APPELLATE COURT OF ILLINOIS, FIRST DISTRICT, FIRST DIVISION
and GEORGE S. HALAS, JR., Respondent-Appellee. --
THERESE M. HALAS, Petitioner-Appellant, v.
A. GERSON MILLER, Ex'r of the Estate of George S. Halas,
Jr., Decedent, et al., Respondents-Appellees
527 N.E.2d 474, 173 Ill. App. 3d 218, 123 Ill. Dec. 11 1988.IL.1113
Appeal from the Circuit Court of Cook County; the Hon. Samuel S. Berger, Judge, presiding.
JUSTICE QUINLAN delivered the opinion of the court. BUCKLEY and O'CONNOR, JJ., concur.
DECISION OF THE COURT DELIVERED BY THE HONORABLE JUDGE QUINLAN
On March 10, 1981, the petitioner, Therese M. Halas, brought a petition to vacate and modify a consent decree and property settlement agreement regarding the dissolution of her marriage to George S. Halas, Jr., now deceased. (See Ill. Rev. Stat. 1985, ch. 110, par. 2-1401 (formerly section 72 of the Civil Practice Act (Ill. Rev. Stat. 1979, ch. 110, par. 72)).) The original consent decree for dissolution was entered in the circuit court of Cook County on January 17, 1975. The respondent to the petition, A. Gerson Miller, executor of the estate of George Halas, Jr., moved for summary judgment and the trial court granted that motion. Petitioner now appeals.
Petitioner and George Halas, Jr., were married on April 20, 1963, and had two children, Christine and Steven. Petitioner, represented by counsel, filed for divorce on January 4, 1974, and on January 17, 1975, the marriage was dissolved pursuant to a consent decree. The consent decree incorporated a negotiated settlement agreement between the parties. This agreement was based on financial information from the decedent, which had not been obtained through formal discovery procedures, but consisted of a 1972 IRS valuation of the stock of the Chicago Bears, a list of assets handwritten by the respondent, and other oral representations made to the petitioner by the decedent regarding his net worth. Pursuant to the agreement, which was entered by the court on the consent of both parties, petitioner received certain sums of money for herself and her children.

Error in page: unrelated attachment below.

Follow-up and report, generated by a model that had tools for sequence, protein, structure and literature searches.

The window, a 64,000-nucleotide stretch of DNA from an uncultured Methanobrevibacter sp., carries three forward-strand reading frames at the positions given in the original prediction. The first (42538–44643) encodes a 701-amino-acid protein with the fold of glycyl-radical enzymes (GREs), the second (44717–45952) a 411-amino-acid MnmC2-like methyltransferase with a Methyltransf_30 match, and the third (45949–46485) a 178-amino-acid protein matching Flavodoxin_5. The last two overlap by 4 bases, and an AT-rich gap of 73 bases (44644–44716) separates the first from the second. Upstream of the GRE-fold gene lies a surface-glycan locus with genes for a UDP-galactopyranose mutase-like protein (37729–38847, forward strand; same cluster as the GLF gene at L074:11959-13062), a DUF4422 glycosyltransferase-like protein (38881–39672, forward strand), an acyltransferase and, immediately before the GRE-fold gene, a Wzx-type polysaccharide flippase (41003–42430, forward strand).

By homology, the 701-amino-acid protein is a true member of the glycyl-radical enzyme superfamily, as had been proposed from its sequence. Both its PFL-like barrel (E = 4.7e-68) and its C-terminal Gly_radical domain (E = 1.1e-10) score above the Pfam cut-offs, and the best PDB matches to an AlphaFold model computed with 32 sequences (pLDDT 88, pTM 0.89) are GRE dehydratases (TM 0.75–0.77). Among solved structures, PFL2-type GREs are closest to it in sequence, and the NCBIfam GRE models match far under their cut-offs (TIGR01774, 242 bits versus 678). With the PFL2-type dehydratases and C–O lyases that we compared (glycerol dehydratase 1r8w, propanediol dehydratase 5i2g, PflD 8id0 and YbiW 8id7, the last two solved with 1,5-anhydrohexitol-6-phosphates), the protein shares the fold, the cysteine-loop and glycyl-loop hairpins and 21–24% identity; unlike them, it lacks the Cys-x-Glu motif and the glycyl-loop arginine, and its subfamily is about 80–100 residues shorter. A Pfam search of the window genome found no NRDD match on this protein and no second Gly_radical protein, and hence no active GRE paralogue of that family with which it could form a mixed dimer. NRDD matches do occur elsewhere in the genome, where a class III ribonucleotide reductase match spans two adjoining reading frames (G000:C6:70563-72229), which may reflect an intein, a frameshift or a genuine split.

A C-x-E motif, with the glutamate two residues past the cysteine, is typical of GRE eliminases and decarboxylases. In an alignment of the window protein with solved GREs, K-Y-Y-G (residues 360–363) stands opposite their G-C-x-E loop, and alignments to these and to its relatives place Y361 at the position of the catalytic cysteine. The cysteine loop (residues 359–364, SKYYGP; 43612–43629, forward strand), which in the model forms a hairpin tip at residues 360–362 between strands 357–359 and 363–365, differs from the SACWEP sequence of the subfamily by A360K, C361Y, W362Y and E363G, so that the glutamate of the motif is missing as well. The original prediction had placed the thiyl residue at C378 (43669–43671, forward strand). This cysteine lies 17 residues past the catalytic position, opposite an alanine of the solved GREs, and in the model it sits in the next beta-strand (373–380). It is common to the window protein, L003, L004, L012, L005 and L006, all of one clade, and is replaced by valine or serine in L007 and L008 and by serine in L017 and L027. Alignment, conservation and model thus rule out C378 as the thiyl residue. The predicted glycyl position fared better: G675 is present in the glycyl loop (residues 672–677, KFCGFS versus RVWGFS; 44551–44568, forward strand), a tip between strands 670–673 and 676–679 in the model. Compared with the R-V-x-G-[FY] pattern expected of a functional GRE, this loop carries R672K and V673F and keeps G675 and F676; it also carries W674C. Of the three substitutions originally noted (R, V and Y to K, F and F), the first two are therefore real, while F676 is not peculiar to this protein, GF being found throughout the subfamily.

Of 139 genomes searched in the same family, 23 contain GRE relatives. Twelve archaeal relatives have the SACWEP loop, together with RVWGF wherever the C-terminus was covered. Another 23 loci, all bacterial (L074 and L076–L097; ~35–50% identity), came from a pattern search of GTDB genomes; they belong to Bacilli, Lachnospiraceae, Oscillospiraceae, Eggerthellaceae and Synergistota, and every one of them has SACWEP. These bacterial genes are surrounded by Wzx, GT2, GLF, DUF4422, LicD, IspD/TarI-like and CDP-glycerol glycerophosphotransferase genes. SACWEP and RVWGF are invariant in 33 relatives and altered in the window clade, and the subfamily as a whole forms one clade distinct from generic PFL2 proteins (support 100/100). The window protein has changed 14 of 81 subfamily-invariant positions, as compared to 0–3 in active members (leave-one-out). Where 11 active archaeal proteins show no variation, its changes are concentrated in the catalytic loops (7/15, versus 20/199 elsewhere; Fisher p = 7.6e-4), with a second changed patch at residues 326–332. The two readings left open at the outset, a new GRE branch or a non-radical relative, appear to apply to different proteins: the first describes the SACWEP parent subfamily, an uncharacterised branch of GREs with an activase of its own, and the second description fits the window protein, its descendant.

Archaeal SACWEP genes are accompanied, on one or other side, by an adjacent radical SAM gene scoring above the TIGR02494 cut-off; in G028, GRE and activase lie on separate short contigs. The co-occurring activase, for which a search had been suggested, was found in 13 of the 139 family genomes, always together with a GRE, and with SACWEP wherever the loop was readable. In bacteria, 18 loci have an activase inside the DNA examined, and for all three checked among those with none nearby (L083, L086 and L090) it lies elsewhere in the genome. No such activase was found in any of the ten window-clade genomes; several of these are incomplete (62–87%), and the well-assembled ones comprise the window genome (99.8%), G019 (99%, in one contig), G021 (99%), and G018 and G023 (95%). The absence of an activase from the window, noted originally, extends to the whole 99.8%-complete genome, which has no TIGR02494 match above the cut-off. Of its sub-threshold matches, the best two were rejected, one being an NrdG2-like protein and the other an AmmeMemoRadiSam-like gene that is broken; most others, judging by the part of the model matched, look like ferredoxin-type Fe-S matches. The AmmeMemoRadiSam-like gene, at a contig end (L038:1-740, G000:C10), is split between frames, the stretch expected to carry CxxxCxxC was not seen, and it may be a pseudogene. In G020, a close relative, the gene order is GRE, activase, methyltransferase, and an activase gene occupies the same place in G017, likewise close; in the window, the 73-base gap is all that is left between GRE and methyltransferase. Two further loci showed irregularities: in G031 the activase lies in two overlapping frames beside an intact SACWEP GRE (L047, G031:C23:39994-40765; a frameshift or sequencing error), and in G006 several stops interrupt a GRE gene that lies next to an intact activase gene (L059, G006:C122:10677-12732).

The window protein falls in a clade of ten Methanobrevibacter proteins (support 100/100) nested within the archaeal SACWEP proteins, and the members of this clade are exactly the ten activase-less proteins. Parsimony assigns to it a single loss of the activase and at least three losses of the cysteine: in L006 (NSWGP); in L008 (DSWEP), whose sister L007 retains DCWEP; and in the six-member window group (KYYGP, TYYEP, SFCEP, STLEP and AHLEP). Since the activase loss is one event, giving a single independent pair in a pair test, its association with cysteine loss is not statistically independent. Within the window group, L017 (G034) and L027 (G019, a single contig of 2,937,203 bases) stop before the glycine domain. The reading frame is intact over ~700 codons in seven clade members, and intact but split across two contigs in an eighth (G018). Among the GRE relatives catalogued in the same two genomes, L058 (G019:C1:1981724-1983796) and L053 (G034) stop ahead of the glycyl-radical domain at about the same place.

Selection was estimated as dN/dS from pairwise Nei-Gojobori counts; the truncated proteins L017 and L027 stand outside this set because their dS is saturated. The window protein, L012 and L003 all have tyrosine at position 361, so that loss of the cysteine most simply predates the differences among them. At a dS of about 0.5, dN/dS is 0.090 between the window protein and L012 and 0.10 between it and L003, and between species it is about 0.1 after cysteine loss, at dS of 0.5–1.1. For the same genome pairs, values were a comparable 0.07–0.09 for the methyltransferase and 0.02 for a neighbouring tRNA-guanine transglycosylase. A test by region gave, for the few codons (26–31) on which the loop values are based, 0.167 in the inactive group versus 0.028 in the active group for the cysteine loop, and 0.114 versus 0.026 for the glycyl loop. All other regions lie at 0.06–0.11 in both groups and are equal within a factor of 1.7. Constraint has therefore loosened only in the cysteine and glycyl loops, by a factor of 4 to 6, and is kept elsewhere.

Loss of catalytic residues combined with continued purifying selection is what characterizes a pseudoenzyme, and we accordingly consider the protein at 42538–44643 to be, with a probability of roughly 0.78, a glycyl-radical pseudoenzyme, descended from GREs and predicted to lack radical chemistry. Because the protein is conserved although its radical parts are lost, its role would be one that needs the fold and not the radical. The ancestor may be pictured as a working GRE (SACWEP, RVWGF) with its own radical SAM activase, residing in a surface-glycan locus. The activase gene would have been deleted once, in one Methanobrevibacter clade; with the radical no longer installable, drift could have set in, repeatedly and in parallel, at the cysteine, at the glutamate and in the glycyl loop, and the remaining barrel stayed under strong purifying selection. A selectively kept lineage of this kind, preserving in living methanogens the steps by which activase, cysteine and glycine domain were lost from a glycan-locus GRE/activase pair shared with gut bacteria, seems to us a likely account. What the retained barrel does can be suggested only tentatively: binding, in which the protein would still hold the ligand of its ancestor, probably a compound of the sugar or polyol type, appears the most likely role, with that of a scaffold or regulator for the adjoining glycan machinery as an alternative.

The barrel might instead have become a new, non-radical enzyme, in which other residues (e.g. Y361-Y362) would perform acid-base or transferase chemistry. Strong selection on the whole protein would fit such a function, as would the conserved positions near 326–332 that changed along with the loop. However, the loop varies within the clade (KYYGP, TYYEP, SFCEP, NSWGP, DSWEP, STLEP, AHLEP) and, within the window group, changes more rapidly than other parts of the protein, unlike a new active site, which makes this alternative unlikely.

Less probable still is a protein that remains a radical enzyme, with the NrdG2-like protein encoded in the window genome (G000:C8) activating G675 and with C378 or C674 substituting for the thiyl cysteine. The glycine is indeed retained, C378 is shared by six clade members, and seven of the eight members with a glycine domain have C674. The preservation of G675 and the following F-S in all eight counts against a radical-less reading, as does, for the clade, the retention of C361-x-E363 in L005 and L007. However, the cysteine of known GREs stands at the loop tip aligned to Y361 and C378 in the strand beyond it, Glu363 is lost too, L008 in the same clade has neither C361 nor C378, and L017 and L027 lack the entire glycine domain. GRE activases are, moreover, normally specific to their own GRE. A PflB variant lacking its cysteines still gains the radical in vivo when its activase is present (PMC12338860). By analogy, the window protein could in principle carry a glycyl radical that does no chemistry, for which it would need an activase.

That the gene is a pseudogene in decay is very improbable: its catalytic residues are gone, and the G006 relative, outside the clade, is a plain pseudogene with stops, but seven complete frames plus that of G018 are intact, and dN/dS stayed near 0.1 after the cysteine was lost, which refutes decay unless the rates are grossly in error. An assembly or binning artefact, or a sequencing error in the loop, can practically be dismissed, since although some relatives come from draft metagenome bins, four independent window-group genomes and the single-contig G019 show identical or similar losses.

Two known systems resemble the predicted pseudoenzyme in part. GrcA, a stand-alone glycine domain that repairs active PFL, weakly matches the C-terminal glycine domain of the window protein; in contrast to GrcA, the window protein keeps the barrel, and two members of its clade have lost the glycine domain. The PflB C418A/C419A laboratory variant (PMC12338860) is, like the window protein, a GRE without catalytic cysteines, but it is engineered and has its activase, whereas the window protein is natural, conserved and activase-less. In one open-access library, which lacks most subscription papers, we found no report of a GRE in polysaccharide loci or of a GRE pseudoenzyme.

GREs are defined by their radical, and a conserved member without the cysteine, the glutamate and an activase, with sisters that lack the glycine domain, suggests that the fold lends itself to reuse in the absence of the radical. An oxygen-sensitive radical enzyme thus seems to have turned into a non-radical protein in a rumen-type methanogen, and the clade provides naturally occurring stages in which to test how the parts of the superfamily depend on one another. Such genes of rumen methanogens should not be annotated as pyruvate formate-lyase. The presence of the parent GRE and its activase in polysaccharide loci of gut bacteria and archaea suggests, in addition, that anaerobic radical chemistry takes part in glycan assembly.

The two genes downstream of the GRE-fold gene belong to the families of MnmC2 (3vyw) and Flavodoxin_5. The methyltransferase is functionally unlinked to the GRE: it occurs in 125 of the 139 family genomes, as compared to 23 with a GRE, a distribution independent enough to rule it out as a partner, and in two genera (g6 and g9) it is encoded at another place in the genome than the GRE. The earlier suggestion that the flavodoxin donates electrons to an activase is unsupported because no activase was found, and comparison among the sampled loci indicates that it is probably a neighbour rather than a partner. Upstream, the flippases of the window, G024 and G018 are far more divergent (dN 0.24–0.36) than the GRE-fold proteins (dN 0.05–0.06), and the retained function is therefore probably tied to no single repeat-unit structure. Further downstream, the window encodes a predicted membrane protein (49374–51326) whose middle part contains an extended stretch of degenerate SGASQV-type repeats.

Petitioner's attorney in the divorce proceeding had advised her not to rely on the representations and the figures provided to her by the decedent, because, he told her, they were incomplete and most likely inaccurate. Petitioner's attorney then advised her not to enter into the agreement for these reasons. Nevertheless, petitioner voluntarily signed the agreement without requesting additional information which could have been obtained through discovery, because she said she wanted to end the matter quickly, she was not concerned with the money aspect of the divorce, she was in poor health, and she did not want financial information concerning her husband and the Chicago Bears football club to become public. After the divorce and entry of the agreement, the decedent subsequently remarried and in December 1979, he died.
After her ex-husband's death, petitioner filed a petition to vacate and modify the terms of the settlement agreement. (See Ill. Rev. Stat. 1985, ch. 110, par. 2 -- 1401.) The petition was based on the asserted fraudulent misrepresentations of the decedent concerning his true net worth when the settlement agreement was negotiated.
The trial court, on respondent's motion, dismissed the petition without leave to amend. Petitioner appealed the trial court's ruling on this issue and on certain other issues as well to the appellate court. On appeal, the appellate court affirmed the dismissal of the petition for lack of allegations of fact, but reversed the trial court's denial of leave to amend and remanded the case with directions to allow the petitioner to amend her petition. ( Halas v. Executor of Estate of Halas (1983), 112 Ill. App. 3d 940, 445 N.E.2d 1264.) Although an appeal was taken, the Illinois Supreme Court did not ...